I read a lot of dialogue between other indie authors about whether it’s ethical to offer your books free.
The argument goes, this is a job. This is how we make a living. To give away our work for nothing devalues what we do: it saturates the market, and it creates an expectation amongst the reading public that they can expect a something for nothing.
And then there’s the counter-argument to that, which is that free books generate publicity for authors and allow readers who might otherwise not want to make a financial commitment to trying a new writer, give him or her a trial.
And I can see both sides of that one.
Every year, I write a free Christmas story, and I will continue to write a free Christmas story, because that’s my Christmas gift to all the people who’ve bought my books throughout the last twelve months. And if anyone wants to attack me for being unethical on that front, well, bring it on.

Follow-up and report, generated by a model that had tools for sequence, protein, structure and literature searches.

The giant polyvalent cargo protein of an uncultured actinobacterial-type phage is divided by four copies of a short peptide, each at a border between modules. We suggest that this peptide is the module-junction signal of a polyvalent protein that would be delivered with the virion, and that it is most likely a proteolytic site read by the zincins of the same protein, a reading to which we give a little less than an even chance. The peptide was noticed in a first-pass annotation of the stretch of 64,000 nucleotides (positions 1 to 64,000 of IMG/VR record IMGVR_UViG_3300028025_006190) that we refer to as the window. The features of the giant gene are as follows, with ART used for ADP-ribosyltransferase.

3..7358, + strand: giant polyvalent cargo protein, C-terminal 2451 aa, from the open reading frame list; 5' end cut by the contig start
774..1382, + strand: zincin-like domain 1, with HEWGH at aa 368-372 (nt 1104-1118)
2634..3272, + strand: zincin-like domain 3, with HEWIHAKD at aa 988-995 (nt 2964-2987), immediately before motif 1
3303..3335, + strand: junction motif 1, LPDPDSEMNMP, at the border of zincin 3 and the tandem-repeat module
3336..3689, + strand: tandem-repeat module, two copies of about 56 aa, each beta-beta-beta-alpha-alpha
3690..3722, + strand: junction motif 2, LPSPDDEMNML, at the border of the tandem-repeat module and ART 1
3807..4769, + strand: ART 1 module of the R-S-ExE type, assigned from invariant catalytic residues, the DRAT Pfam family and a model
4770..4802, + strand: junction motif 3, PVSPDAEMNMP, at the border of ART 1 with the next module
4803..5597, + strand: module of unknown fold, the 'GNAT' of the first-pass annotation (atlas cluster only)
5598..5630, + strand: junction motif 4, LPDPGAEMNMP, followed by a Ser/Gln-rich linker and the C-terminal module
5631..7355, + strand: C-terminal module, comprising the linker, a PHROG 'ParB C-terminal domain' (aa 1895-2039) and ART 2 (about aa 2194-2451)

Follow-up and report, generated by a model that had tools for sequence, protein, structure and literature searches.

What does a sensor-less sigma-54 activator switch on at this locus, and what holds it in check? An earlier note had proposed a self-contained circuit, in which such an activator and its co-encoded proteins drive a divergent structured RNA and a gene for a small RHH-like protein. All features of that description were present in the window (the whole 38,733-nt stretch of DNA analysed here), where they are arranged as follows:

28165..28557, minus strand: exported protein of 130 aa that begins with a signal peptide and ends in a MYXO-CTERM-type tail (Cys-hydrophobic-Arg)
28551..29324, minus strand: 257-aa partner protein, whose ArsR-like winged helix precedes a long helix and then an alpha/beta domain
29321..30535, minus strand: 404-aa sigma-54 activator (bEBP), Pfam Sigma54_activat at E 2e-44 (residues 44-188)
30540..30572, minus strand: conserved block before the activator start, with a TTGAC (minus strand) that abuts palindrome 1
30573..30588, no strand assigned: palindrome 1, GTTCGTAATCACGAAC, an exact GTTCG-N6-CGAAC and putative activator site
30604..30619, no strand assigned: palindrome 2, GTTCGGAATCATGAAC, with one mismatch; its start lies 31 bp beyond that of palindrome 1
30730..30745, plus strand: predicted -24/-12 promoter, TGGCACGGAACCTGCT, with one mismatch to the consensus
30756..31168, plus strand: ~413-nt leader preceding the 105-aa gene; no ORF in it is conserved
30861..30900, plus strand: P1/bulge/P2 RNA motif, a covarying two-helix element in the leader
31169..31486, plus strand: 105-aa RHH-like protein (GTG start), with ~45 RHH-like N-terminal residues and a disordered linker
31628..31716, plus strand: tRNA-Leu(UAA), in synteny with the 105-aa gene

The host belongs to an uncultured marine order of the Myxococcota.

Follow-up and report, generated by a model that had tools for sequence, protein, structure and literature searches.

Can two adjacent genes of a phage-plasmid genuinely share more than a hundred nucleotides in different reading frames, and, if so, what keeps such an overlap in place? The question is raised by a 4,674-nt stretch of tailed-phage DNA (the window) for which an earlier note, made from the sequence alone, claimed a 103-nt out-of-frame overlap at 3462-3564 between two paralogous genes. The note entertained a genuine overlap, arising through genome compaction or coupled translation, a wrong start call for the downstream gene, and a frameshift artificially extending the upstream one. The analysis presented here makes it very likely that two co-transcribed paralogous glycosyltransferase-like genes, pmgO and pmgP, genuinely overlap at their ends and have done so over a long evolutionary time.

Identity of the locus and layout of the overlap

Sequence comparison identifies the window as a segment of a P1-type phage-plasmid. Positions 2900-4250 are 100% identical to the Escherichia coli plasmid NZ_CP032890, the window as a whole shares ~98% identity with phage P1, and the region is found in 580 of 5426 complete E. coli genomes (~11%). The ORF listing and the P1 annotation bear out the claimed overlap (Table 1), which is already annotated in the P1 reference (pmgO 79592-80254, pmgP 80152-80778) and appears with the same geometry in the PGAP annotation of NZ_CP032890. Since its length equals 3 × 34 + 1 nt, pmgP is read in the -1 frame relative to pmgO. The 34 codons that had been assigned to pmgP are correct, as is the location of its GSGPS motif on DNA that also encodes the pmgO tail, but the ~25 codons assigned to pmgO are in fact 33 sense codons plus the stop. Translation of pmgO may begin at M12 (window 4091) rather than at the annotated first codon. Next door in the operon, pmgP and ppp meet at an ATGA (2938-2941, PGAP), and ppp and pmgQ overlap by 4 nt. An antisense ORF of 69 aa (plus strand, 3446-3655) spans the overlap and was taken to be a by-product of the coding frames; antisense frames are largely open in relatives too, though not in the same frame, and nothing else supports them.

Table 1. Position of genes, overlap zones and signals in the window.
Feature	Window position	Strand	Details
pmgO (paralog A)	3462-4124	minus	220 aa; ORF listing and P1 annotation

And sometimes if I’m feeling as if my sales need a bit of a boost I’ll put one of the books on a brief bargain-basement few days, just to raise their profile again, but then they go back to be being full price – and, you know, I do often find that readers pick one up at discounted and then go and pick up the others at full price over time, so that works for me.
But.
Here’s the thing.

I’ve re-edited, and put a new cover on, the first book of the Uncivil Wars series, and it’s being re-released through Rosemary Tree Press rather than under my personal account.
And it’s going to be free. Forever.

And it’s not about channelling traffic, or boosting sales, it’s … well, Red Horse is, was, remains, my bestselling book to date. Over 1000 downloads in its first 12 months, in fact its first 8 months – it tipped over the thousandth download at the August Bank Holiday in 2015, having been released in the January. And that’s probably now coming on for 2,000 copies of that book that my readers have paid money for: and then I’ve taken it off sale to give it a – admittedly very nice – cover, and re-edit some of the bits that have been bugging me since I released it.